Benue State healthcare system is facing a crisis as the state suffers severe shortage of doctors, years after it scrapped a programme that helped to sponsor medical students in return for serving in public hospitals.
The situation has deteriorated that several state hospitals have as few as two medical doctors catering to hundreds of thousands of patients.
Data from the state Ministry of Health shows there are only two doctors at the general hospital at Buruku in Ukum Local Government Area, an area with a population of 206,215 people.
At Idekpa General Hospital in Ohimini LGA, with a population of 71,482, only two doctors tend to the medical needs of the people. There are also two doctors serving at Ugba General Hospital in the Logo council area.
There are only three doctors each at the general hospitals in Naka (Gwer-West), Obagaji (Agatu), Igumale (Ado), Wannune (Tarka) and Ugbokpo (Apa) LGAs.
The situation is the same at hospitals in Obarike-Ito (Obi), Sankera (Ukum), Gbajimba (Guma), Lesse (Ushongo) LGAs and the Family Support Programme (FSP) in Makurdi, the state capital.
Four doctors man each of the general hospitals in Tse-Agberagba (Konshisha LGA), Okpoga (Okpokwu), Oju and Vandiekya.
Otukpa (Ogbadibo), and Aliade (Gwer-East) have five doctors each, while Adikpo (Kwande) has seven. Gboko and Otukpo LGAs have nine doctors respectively.
The World Health Organisation recommends one doctor to 600 patients as the minimum.
The government in 2017 cancelled a programme established to address shortage of doctors in the state and enhance public health delivery. The Bond Doctors Scheme, which aimed to help with the training of doctors, was inaugurated during the administration of Gabriel Suswam, from 2007 to 2015.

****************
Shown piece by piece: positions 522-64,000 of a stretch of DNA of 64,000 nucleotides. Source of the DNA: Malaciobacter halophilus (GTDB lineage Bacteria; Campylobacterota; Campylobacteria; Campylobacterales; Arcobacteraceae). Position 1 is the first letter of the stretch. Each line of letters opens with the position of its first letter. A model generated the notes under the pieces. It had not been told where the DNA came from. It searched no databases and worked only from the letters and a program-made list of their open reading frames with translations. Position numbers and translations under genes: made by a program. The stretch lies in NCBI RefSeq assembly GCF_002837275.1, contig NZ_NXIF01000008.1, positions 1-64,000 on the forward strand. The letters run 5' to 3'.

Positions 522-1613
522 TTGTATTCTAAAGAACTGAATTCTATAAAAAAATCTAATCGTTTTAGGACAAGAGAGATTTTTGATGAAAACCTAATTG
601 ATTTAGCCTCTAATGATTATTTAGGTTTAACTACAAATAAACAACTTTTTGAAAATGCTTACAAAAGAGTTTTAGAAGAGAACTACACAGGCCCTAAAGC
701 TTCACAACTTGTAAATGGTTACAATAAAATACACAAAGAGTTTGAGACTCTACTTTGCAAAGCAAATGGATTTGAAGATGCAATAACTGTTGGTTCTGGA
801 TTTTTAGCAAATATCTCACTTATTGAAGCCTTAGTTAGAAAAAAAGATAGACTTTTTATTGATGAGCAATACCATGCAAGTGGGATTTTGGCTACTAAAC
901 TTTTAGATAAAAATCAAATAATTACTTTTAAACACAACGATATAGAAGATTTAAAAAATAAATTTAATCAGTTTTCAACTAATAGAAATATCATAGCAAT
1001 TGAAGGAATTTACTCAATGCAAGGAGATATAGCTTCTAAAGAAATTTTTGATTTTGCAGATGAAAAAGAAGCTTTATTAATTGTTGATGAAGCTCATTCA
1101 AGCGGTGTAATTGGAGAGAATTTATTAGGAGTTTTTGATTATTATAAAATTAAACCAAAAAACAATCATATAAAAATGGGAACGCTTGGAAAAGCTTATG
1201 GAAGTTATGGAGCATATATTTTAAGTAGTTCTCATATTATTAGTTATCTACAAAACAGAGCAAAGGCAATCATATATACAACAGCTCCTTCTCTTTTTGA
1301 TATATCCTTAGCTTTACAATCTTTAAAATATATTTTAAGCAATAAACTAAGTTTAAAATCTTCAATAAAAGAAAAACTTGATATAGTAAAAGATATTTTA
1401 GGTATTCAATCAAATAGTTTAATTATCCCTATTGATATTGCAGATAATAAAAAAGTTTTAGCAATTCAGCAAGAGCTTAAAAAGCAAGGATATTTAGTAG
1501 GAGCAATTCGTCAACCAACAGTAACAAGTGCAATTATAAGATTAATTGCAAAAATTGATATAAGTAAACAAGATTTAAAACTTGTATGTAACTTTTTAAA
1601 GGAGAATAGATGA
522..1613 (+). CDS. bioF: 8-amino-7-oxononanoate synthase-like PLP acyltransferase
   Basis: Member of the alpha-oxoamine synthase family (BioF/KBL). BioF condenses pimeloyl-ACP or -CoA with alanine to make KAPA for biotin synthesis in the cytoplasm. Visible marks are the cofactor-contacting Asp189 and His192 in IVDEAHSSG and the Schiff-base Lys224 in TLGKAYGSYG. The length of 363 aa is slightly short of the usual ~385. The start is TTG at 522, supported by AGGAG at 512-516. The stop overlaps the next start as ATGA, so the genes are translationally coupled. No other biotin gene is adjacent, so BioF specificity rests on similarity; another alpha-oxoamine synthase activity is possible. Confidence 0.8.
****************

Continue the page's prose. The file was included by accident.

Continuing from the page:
Under the programme, medical students received financial support from the state government while at university and were required to serve for at least two years after graduation. The scheme currently contributes 69 of all 92 doctors across the state’s 23 general hospitals.
The administration of Governor Samuel Ortom ended the programme five years ago but that was not reported until now. The Commissioner for Health, Joseph Ngbea, told PREMIUM TIMES “The bond doctors programme has been stopped.” He declined responses to further questions on alternatives and implications.
A government official who said his name should not be mentioned as he did not have permission to speak to the media on the matter, told PREMIUM TIMES the programme stopped because the government could not sustain payment of N100,000 monthly to student doctors. Mr Ortom’s administration is beset by problems with workers’ salaries and retirees’ pensions.
Doctors and government officials at the Benue State Ministry of Health and Human Services are concerned about the development. “The acute shortage of medical personnel and critical medical equipment will ground healthcare services to a halt,” said one official who also asked not to be named as required under civil service rules.
A major concern now is that things would get worse as many doctors in the state have completed the required time to serve and may be leaving the state.
The chairman of the Nigerian Medical Association (NMA) in Benue, Samuel Otene, said the situation was “dire” and has the potential of “crippling the primary and secondary healthcare sectors of the state” if urgent steps are not taken to address the shortage.
“Eighty per cent of the doctors at the general hospitals across Benue are ‘bond doctors’, who have finished serving their bond, and will leave the hospitals anytime,” he said.
The NMA chairman said shortage of doctors in the state is made more critical by the fact that only about 20 per cent of doctors work in the rural areas. Most serve at the Benue State University Teaching Hospital and the Federal Medical Centre, the two tertiary health institutions in the state located in Makurdi, the state capital.